Last updated on July 2017

Safety Study to Assess AFM11 in Patients With Relapsed or Refractory Adult B-precursor ALL


Brief description of study

The purpose of the study is to determine the maximum tolerated dose (MTD) in patients with acute lymphoblastic leukemia (ALL) and to determine the safety and tolerability of increasing doses and different infusion times of AFM11 infusion in patients with adult B-precursor ALL

Detailed Study Description

Acute lymphoblastic leukemia (ALL) is an aggressive type of leukemia characterized by an overproduction of lymphoblasts or lymphocytes in the bone marrow and the peripheral blood; it is frequently accompanied by suppression of normal hematopoiesis. It can spread to the lymph nodes, spleen, liver, the central nervous system (CNS), and other organs (sanctuary sites). Without treatment, ALL usually progresses quickly. B- and T-cell lymphoblastic leukemia cells express surface antigens that parallel their respective developmental lineages. Precursor B-cell ALL cells typically express CD10, CD19, and CD34 on their surface, along with nuclear terminal deoxynucleotide transferase. About 20% of adult ALL patients have a cytogenetic abnormality that is indistinguishable from the Philadelphia chromosome (Ph1, t(9;22)), according to the National Cancer Institute (NCI). The rationale for the use of AFM11 is based on its ability to bind to both malignant cells via its anti-CD19 domain and to T-cells via its anti-CD3 domains. This results in the formation of the "immunological synapse" and the subsequent T-cell activation on leading to killing of malignant cells. AFM11 has 2 binding sites for CD19 and 2 for CD3, its molecular weight is ~ 105kDa compared to diabodies like blinatumomab with one binding site for each target and a much lower molecular weight ~ 55kDa. In addition, preclinical experiments have shown that AFM11 has about a 100 fold higher affinity to CD3 compared to diabodies and is inducing higher cytotoxicity in vitro in the presence of low effector:target cell ratios. These differences might allow for a shortening of the infusion times and potentially higher clinical efficacy compared to blinatumomab.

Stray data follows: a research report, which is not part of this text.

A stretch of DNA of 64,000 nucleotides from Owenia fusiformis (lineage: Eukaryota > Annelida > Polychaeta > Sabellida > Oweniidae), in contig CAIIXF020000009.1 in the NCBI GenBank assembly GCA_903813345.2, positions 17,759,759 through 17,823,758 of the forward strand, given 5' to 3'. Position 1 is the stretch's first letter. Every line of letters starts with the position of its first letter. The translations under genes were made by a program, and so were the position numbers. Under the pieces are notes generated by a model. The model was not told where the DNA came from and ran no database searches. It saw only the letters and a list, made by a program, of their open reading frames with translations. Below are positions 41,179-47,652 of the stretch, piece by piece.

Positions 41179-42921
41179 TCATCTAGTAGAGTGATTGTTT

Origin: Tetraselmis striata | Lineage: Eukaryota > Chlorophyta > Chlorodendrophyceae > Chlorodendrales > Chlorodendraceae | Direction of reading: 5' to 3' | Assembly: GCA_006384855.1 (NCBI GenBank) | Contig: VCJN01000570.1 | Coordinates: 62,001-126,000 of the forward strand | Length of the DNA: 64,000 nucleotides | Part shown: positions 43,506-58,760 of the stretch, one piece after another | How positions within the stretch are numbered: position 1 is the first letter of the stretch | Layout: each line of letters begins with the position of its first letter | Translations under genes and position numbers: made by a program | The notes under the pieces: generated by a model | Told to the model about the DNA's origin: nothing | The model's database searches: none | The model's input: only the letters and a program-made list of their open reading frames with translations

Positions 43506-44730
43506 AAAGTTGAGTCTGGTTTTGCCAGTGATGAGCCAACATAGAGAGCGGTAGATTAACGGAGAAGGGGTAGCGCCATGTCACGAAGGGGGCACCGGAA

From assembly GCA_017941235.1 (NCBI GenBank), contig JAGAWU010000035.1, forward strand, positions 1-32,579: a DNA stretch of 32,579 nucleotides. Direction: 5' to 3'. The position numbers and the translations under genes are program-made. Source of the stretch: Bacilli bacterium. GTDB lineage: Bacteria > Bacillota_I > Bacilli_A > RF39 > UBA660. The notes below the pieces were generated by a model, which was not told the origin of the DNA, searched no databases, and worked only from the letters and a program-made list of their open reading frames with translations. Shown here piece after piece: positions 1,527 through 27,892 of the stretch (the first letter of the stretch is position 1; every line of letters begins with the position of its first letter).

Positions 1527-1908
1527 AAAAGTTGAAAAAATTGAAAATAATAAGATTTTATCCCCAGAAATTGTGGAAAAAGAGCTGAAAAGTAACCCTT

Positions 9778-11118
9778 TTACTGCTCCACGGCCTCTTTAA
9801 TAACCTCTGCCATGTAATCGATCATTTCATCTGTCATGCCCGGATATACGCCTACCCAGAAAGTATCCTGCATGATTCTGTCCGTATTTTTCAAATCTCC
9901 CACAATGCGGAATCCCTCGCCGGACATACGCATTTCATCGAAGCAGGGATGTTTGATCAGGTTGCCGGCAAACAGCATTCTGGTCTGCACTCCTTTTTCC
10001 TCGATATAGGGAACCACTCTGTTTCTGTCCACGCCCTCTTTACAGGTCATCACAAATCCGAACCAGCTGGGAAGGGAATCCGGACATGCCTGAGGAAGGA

Clinical Study Identifier: NCT02848911

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Sandra Schmich

LKH-Universit tsklinikum Graz
Graz, Austria
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Sandra Schmich

Kepler Universit tsklinikum Linz
Linz, Austria
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Sandra Schmich

Uniklinikum Salzburg
Salzburg, Austria
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University Hospital
Brno, Czechia
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Sandra Schmich

Rambam Medical Center
Haifa, Israel
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Sandra Schmich

Hadassah Medical Center
Jerusalem, Israel
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Sandra Schmich

Rabin Medical Center
Petah-Tikva, Israel
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Sandra Schmich

Independent Public Healthcare Municipal Hospital
Chorzow, Poland
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Sandra Schmich

University Hospital
Krakow, Poland
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Sandra Schmich

Baranov Republican Hospital
Petrozavodsk, Russian Federation
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Sandra Schmich

First Pavlov State Medical University
St. Petersburg, Russian Federation
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Sandra Schmich

Almazov NW Federal Medical Research Center
St. Petersburg, Russian Federation
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